Managing Your Child – Give Options

20130702 Managing Ur Kids - OptionsThat’s right, you heard me right. Options. It’s really part of parenthood and managing a child. Many times I heard parents yelling at their kids to stop whatever mischievous they were executing. The most straight forward word that usually come out of the parent’s mouth would be “NO” or maybe “STOP”. Tell me frankly, how many times do you have to repeat to make your message through? Some parents and experts suggest divert their attention. Well, I tried. After a while, my kid knew the trick, eventually it did not work anymore.

This “Options” method was something I read in a parenting magazine. I tried and explored the method. So how does it works? The idea is to let the child to make his own decision, but in fact, the options are well selected by the parents to ensure a ‘win-win’ situation – actually it’s a win situation for the parents. So why this “Options” method works better than “Diversion” method? “Options” method usually does not involve in a wailing child, after you tried a couple of times, the child most lightly understands that you are trying to communicate options to him. It involves communication and listening skills, this ultimately enhances the relationship between the child and the adult. It gets easier as you use the method. The earlier you start, the easier it is. If you only trying it out for the first time on your 2.5yo, you probably need some time as the child may be trying to understand this new way of you handling the situation. “Diversion” method, on the other hand, is divert the child’s attention from the situation. You are cutting away the chance to communicate the child’s need by pulling him away from the situation. When the child realises that he is being pulled away from the situation, he may feel cheated and probably involves wailing, throwing tantrum or complete meltdown!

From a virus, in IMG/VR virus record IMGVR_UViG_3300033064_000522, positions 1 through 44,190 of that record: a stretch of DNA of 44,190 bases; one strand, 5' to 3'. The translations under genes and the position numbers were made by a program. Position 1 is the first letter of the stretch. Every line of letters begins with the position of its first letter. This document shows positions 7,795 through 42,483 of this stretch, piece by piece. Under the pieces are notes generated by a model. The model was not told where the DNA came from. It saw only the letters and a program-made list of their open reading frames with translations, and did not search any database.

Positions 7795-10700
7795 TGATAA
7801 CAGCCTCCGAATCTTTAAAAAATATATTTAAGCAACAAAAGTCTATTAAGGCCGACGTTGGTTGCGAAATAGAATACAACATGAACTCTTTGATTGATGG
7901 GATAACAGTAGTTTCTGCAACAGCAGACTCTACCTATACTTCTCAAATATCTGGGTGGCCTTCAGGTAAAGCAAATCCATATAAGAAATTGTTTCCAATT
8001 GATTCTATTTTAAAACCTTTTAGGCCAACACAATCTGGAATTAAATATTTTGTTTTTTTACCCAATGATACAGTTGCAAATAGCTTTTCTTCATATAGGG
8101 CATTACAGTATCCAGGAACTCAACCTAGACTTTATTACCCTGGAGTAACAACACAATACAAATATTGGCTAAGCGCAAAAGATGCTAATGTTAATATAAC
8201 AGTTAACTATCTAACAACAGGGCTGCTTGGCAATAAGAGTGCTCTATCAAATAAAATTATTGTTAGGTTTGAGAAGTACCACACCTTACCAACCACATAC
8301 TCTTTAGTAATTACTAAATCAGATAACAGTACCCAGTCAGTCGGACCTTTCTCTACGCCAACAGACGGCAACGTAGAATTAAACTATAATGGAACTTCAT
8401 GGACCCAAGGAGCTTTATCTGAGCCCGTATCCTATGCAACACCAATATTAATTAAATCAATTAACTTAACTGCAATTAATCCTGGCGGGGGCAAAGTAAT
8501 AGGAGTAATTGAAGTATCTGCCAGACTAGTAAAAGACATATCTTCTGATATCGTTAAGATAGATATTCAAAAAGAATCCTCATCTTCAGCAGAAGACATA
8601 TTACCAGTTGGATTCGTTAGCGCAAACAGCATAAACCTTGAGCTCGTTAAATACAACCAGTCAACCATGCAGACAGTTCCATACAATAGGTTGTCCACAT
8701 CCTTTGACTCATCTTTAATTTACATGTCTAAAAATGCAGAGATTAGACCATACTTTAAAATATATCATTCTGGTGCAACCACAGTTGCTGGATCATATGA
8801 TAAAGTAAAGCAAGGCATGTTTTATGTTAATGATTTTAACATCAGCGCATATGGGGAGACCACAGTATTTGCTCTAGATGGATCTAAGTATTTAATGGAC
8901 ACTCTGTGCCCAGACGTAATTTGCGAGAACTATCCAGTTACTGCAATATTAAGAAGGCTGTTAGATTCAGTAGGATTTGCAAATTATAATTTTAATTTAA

Here, I have compiled a list of things to keep in mind when executing the “Options” method.

1. Keep ground rules in mind
This helps you to explore the options more effectively. Eg. no eating in the bedroom; do not reward a crying child, etc.

2. It’s not always about giving two physical options.
Example, your toddler is wailing in the mall, wanting a toy. Well, you can offer him two toys and let him choose but that’s cultivating a new habit and you are rewarding a crying child. Instead you can communicate to him that it’s either he continues to cry until he stops and ready to go, or he could stop crying now and he gets to share, for example, a smoothie with you. Notice that buying a toy is not an option.

3. Give manageable options